Juno Spacecraft Enters Jupiter's Realm

Juno Spots Jupiter, 3 Big Moons
NASA's Juno spacecraft captured this photo on June 28, 2016, at a distance of 3.9 million miles (6.2 million kilometers) from Jupiter. (Image credit: NASA/JPL-Caltech/SwRI/MSSS)

NASA's Juno spacecraft is now in Jupiter's backyard.

Juno, which is scheduled to begin orbiting the giant planet on Monday (July 4), entered Jupiter's sphere of influence last week, mission team members said.

"We've just crossed the boundary into Jupiter's home turf," Juno principal investigator Scott Bolton, of the Southwest Research Institute in San Antonio, said in a statement today (June 30). "We're closing in fast on the planet itself and already gaining valuable data." [Photos: NASA's Juno Mission to Jupiter]

Since its August 2011 launch, Juno had been zooming through an environment dominated by the stream of charged particles flowing from the sun called the solar wind. But on June 24, the probe passed through the "bow shock" just outside Jupiter's magnetosphere — the bubble in which the giant planet's magnetic field controls the movement of particles.

This was a dramatic event that Juno's instruments picked up, mission scientists said.

"The bow shock is analogous to a sonic boom," Juno team member William Kurth, of the University of Iowa, said in the same statement. "The solar wind blows past all the planets at a speed of about a million miles per hour, and where it hits an obstacle, there's all this turbulence."

By June 25, Juno was fully inside Jupiter's magnetosphere, which NASA officials said is the largest structure in the solar system.

"If Jupiter's magnetosphere glowed in visible light, it would be twice the size of the full moon as seen from Earth," Kurth said.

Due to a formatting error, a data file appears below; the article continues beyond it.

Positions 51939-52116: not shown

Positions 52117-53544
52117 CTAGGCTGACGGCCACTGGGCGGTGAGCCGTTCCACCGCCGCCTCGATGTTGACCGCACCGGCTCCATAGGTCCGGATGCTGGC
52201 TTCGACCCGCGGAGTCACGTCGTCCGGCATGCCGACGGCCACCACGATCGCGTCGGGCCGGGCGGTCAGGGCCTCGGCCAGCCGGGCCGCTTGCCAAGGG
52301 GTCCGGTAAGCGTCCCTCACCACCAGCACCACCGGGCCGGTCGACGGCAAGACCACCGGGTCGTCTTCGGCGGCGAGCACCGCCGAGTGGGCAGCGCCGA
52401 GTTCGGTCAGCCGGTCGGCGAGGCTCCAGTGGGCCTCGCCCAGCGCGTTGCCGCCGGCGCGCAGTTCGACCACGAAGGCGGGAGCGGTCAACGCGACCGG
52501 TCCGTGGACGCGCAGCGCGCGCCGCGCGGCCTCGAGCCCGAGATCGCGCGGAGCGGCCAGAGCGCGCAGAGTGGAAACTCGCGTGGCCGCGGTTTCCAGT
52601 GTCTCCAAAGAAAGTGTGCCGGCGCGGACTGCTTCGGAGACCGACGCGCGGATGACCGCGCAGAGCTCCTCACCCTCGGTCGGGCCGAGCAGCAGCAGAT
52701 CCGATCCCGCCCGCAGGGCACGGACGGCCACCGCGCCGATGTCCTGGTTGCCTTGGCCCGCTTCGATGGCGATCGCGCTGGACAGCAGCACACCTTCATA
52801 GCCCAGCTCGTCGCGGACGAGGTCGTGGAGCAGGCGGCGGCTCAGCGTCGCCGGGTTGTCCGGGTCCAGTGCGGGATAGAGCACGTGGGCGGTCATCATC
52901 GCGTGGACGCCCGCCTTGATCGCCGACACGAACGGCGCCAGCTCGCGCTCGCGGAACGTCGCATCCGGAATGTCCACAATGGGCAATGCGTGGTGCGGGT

And Earth-based observers wouldn't even be seeing the longest dimension of the teardrop-shaped magnetosphere, which extends about 5 astronomical units (AU) beyond Jupiter, NASA officials added. (One AU is the distance from Earth to the sun — about 93 million miles, or 150 million kilometers.)

Juno's measurements suggest that the boundary region around Jupiter's magnetosphere is surprisingly complex; the mission team plans to investigate this complexity further, researchers said.

If all goes according to plan, Juno will circle Jupiter more than 30 times over the next 18 months or so, gathering a variety of data by using nine different science instruments. The mission's main goals include mapping out Jupiter's magnetic and gravitational fields, and characterizing the huge planet's internal structure, especially whether or not it has a core.

Juno's observations should help scientists better understand the origin and evolution of Jupiter and the solar system as a whole, mission team members have said.

"What Juno's really about is learning about the recipe for how solar systems are made," Bolton said during a news conference today.

Follow Mike Wall on Twitter @michaeldwall and Google+. Follow us @Spacedotcom, Facebook or Google+. Originally published on Space.com.

Join our Space Forums to keep talking space on the latest missions, night sky and more! And if you have a news tip, correction or comment, let us know at: community@space.com.

Mike Wall
Senior Space Writer

Michael Wall is a Senior Space Writer with Space.com and joined the team in 2010. He primarily covers exoplanets, spaceflight and military space, but has been known to dabble in the space art beat. His book about the search for alien life, "Out There," was published on Nov. 13, 2018. Before becoming a science writer, Michael worked as a herpetologist and wildlife biologist. He has a Ph.D. in evolutionary biology from the University of Sydney, Australia, a bachelor's degree from the University of Arizona, and a graduate certificate in science writing from the University of California, Santa Cruz. To find out what his latest project is, you can follow Michael on Twitter.